By: Tyler Bishop
One of the reasons BishopBjj.com exists today in it’s current form is to bring some structure to the internal debates about jiu jitsu competition. Recently, the discussion around jiu jitsu competition formats has reached an apex. What is the truest form of jiu jitsu? Which type of format is most exciting? What rules should be applied?
All of this talk is healthy for the sport to grow and evolve. However, one of the biggest problems people fail to bring into the conversation is empirical data. Jiu jitsu was built on the scientific principle of testing a hypothesis. If you think a move works, why not try it against a resisting opponent? Collect the data and try again. This is the foundation of science. Unfortunately, often the arguments that we are hearing around the rules and tournament formats are based in personal perception, not reality.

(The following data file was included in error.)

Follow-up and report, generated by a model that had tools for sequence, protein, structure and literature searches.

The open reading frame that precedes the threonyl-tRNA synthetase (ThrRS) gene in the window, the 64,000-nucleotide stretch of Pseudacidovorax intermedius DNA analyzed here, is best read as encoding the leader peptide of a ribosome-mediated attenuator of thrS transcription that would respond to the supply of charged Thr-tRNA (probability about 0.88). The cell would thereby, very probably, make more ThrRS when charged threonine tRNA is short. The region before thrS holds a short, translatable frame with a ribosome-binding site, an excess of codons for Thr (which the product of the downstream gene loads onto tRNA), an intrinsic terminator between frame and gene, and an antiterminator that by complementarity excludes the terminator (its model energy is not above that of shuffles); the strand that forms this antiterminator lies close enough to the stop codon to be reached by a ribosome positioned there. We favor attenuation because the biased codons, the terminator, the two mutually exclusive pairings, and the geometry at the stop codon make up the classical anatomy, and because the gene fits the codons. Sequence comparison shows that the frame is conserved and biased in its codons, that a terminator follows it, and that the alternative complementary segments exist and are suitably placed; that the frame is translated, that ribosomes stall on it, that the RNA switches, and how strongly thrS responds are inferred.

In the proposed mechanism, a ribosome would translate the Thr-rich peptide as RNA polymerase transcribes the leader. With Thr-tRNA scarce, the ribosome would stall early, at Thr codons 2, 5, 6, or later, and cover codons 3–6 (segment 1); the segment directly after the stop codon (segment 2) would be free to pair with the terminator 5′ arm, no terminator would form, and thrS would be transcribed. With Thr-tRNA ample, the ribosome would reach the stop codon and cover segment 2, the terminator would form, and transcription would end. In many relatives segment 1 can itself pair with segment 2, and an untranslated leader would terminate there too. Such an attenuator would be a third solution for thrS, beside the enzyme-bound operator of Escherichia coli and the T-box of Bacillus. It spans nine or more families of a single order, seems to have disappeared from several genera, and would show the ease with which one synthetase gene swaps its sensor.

It’s not easy to compile data on jiu jitsu competition, nor is there much available outside of what our site has produced. Therefore these arguments are hard to be won on facts alone, so there will always be a level of personal bias inflicted upon these discussions until that changes. But I encourage everyone involved in these debates to continue to ask the tough questions, and always ask for proof. Below is a chart that highlights several major events and their submission history in the last 2 years. It is far from a study like we have done in the past, but it’s some basic info that I encourage you to share so that we all can at least have this as a starting point in these discussions.
Jiu Jitsu is deepy personal and we all enjoy it. We all want the best for the sport-side of things, that’s why everyone has a strong opinion about it. As long as there is a demand to know the facts we will continue to work on providing it. #jiujitsuscience